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Posts Tagged ‘Economy’

The Real Job Creators

We hear a lot out of Washington these days about the “job creators.” We can’t raise taxes on the wealthiest Americans, or on small business, because they are the job creators. Income tax rates are the lowest they’ve been in decades, but that hasn’t resulted in many jobs being created. So, who are the REAL job creators?

The US economy is driven, ultimately, by consumer spending. And more importantly, by middle class spending. When middle class incomes have remained stagnant over the past generation, consumers were faced with the choice of going without or purchasing on credit. But credit purchasing cannot continue permanently. Eventually, the bills must be paid. And when the bill collector comes calling at the same time that housing prices tank, spending on consumer goods grinds to a near halt. It’s not surprising that when credit tightened in the fall of 2008, consumer spending ran off a cliff. And when consumers quit spending, employment fell precipitously as the entire economy contracted.

Businesses won’t resume hiring until they have a market for the goods and services they produce. And consumers can’t resume purchasing until they have money to spend. So, if we truly want to help create jobs, the best and the only solution is to get more money into the pockets of the middle class. We cannot expect the 1% to carry the economy. Sure, they have a lot of money to spend. In fact, they have more money than they can possibly spend. Putting even more money into their pockets won’t have the needed stimulative effect on the economy. Putting more money I to middle class pockets, on the other hand, will create demand for consumer goods. And increased demand will mean more hiring. So, in reality, it’s the middle class who are the real job creators. It’s time that Congress got the message.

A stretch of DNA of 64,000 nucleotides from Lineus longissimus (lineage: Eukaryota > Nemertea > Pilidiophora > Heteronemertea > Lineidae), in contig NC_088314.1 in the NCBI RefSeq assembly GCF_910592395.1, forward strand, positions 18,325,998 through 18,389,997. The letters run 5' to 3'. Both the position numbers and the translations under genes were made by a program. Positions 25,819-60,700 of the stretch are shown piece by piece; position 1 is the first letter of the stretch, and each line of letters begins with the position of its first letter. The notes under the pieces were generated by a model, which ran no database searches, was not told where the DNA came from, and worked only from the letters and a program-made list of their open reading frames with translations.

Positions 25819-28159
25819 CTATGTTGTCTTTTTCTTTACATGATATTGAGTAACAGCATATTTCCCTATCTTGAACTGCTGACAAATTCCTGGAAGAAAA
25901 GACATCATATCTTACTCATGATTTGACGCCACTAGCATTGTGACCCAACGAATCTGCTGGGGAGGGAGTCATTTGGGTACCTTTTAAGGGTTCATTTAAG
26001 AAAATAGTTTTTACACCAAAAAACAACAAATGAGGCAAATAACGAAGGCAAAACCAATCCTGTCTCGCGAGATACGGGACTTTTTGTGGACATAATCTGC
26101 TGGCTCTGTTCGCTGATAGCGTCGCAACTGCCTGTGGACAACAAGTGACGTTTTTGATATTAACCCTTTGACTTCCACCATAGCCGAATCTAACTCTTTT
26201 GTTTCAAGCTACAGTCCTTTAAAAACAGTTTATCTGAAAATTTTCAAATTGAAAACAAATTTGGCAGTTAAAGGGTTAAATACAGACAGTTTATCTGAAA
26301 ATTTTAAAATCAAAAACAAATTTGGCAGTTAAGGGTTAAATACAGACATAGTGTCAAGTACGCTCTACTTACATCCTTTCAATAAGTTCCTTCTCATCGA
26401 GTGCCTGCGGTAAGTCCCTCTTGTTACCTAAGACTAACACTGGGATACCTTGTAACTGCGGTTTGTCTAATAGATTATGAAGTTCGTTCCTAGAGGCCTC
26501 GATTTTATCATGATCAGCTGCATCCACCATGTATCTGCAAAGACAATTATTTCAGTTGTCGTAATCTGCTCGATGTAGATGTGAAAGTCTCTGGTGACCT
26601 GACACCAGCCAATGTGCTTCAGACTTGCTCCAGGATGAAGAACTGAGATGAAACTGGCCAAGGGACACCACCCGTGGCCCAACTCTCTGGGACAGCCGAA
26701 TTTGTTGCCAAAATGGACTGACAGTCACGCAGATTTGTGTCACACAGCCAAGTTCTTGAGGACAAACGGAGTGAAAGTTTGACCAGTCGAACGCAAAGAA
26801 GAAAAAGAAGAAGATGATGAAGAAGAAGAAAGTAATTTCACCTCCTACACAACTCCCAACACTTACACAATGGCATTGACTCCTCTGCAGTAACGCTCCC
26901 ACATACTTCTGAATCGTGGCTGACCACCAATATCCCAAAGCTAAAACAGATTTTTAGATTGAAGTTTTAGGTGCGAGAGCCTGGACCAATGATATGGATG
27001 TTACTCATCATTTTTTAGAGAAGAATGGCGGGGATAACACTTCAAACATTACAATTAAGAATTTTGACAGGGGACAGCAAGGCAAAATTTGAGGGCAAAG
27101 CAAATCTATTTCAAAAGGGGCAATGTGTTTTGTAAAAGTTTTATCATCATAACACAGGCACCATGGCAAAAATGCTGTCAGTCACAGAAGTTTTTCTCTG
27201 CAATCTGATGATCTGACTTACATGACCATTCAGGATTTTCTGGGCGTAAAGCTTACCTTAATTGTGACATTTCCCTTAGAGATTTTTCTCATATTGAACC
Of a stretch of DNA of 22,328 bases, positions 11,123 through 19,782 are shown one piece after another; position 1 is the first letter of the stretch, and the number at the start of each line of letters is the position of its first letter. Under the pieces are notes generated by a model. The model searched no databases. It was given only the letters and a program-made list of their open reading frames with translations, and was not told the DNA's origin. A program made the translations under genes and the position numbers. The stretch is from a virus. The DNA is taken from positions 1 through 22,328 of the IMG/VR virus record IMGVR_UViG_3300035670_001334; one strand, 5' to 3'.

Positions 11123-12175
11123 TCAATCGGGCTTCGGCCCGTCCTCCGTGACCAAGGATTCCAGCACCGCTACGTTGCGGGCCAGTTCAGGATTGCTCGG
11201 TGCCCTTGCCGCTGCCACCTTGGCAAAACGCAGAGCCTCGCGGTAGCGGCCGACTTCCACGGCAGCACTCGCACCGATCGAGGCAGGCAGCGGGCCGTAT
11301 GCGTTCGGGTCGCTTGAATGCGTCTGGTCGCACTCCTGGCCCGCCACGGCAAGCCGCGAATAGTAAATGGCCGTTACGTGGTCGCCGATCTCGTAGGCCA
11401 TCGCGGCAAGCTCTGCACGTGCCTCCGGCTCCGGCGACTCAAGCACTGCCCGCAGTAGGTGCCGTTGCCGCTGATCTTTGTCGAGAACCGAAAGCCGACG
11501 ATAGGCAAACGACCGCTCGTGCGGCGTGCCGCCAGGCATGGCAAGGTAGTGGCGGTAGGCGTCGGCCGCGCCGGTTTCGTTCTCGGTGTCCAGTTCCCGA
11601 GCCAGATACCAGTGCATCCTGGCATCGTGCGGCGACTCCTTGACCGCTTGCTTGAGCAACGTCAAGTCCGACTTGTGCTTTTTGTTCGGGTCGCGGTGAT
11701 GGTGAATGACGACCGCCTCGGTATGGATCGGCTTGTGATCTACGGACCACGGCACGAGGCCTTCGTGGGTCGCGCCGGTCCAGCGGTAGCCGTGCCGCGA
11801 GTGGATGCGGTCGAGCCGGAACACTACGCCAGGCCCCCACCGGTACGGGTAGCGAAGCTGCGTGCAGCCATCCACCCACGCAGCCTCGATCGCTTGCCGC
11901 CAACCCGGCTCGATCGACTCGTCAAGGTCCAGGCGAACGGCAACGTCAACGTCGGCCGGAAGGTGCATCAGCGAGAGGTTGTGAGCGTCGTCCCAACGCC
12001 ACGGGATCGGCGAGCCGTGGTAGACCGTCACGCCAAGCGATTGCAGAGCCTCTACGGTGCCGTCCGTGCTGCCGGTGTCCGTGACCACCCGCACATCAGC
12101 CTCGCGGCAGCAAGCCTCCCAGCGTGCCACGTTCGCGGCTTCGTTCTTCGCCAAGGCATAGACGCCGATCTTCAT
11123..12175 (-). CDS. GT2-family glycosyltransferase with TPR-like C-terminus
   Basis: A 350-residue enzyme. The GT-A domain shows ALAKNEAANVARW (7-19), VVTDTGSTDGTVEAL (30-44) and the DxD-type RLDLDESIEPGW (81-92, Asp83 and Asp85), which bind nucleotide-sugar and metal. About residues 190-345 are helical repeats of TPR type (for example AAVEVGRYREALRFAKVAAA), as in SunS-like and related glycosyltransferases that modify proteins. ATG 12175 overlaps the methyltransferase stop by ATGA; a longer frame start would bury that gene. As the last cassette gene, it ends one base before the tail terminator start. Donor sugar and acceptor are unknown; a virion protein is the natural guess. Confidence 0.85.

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I came across this piece from the Financial Times, which has replaced the Wall Street Journal in many quarters.  In it the author spells out the short-term political advantages for the GOP of “trickle-down” economics that come at the expense of potentially disastrous long-term consequences.  It sheds some light on the current attitudes of some members of Congress who see no problem in the deficits caused by extending the Bush tax cuts while at the same time decrying unemployment benefit extensions.  Do politics trump what’s best for the country and the entire global economy despite what most responsible economists caution?  Seems so.

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The official unemployment rate in the US is 8.5%.  But that figure tells only part of the story.  Back during the recession that occurred early in Ronald Reagan’s first term, the Labor Dept. played what I call “Calvin Ball.”  They didn’t like the way the game was going, so they changed the rules.  Two categories of workers were excluded from the new definition of unemployed.  Under the new rules, workers who had become discouraged and quit looking for those elusive jobs no longer were considered unemployed.  These were people who wanted to work but had been unsuccessful in finding work.  And anyone who was working at all was no longer considered unemployed.  No matter if they had only been able to find part time work and wanted full time work.  They were working.  That means that if you were working 20 hours a week or even 10 hours a week, you were considered “employed.”  No matter that you couldn’t feed your family or keep a roof over your head on that meager part-time job, you were employed and therefore not eligible for unemployment benefits.  Remember, Reagan was also the president who claimed that people were homeless by choice and that ketchup was a vegetable for school lunches.